Author + information
- Sheldon E. Litwin, MD∗ ()
- Department of Internal Medicine, Division of Cardiology, Medical University of South Carolina, Charleston, South Carolina
- ↵∗Reprint requests and correspondence:
Dr. Sheldon E. Litwin, Department of Internal Medicine, Division of Cardiology, Medical University of South Carolina, 25 Courtenay Street, Charleston, South Carolina 29412.
There is broad awareness that obesity rates in adults have increased dramatically (∼2-fold) in the past 3 decades. Although the total prevalence of obesity remains lower in children than in adults, the rate of increase in childhood obesity has been nearly double that in adults (1). We should find this particularly worrisome because obese children are much more likely than are normal-weight children to become obese adults (2–4). Even more disconcerting are the observations that obese children are more likely to develop cardiovascular disease (CVD) compared with adults, and that subsequent weight loss may not entirely eliminate that excess risk (5). As childhood obesity becomes more prevalent, we can reasonably anticipate substantial amplification of obesity-related complications in adults.
Obesity is strongly associated with several important comorbidities that often contribute to the development of CVD. Most important among these are elevated blood pressure, insulin resistance, and dyslipidemia, 3 key elements of the metabolic syndrome. All of these conditions are increasingly recognized in today’s youth, prompting the growth of new specialties and clinics geared toward treating hypertension, diabetes, fatty liver, and hypercholesterolemia in children as young as grade-school age.
Fatty streaks in the aorta and coronary arteries, precursors of atherosclerosis, begin to appear in childhood, and the presence of such fatty streaks in youth is related to serum levels of total and low-density lipoprotein cholesterol (6). We know intuitively that increasingly early and prolonged exposure to pathological disturbances, such as hypertension and dyslipidemia, will contribute to premature CVD in ever-younger adult populations. Indeed, one large registry of adult patients with non–ST-segment elevation myocardial infarction revealed that the most obese patients in the registry were nearly 15 years younger than the least obese patients (7).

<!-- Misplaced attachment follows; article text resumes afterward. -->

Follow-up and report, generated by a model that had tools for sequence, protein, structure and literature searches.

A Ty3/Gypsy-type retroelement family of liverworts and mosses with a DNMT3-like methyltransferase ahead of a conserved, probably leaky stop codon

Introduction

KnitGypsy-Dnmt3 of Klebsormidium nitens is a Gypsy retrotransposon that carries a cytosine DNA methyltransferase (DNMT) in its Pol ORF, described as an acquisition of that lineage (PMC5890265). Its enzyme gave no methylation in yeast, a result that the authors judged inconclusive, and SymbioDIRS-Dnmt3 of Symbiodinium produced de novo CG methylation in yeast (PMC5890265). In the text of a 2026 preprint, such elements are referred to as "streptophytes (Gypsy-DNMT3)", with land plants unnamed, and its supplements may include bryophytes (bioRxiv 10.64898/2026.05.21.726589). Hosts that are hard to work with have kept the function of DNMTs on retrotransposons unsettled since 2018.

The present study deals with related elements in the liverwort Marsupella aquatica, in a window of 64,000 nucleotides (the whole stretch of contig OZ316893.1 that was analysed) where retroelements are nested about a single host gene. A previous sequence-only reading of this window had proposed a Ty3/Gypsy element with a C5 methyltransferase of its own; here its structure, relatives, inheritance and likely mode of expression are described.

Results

The long-term epidemiological study of the effects of obesity in children is difficult for various reasons. Although seemingly straightforward, defining obesity in children with rapidly changing body size is challenging, but age-specific Z-statistics have been used to deal with this issue. Loss to follow-up in today’s mobile population presents another major challenge to outcomes studies—especially those with cardiovascular endpoints likely to require 40 or more years of monitoring to detect. Fortunately, a few enterprising and tenacious groups of investigators in different parts of the world have maintained long-term studies of childhood risk factors for CVD. The Bogalusa Heart Study, begun in the 1970s, is one of these efforts. This study alone has contributed >1,000 papers to published medical reports. Thanks to these investigators, we are now gaining a greater understanding of how childhood risk factors lead to the later development of clinically apparent CVD. In this issue of the Journal, Lai et al. (8) use a novel approach to quantifying the cumulative burden, from childhood onward, of elevated blood pressure and adiposity to study their effects on left ventricular (LV) mass and geometry in 1,061 subjects.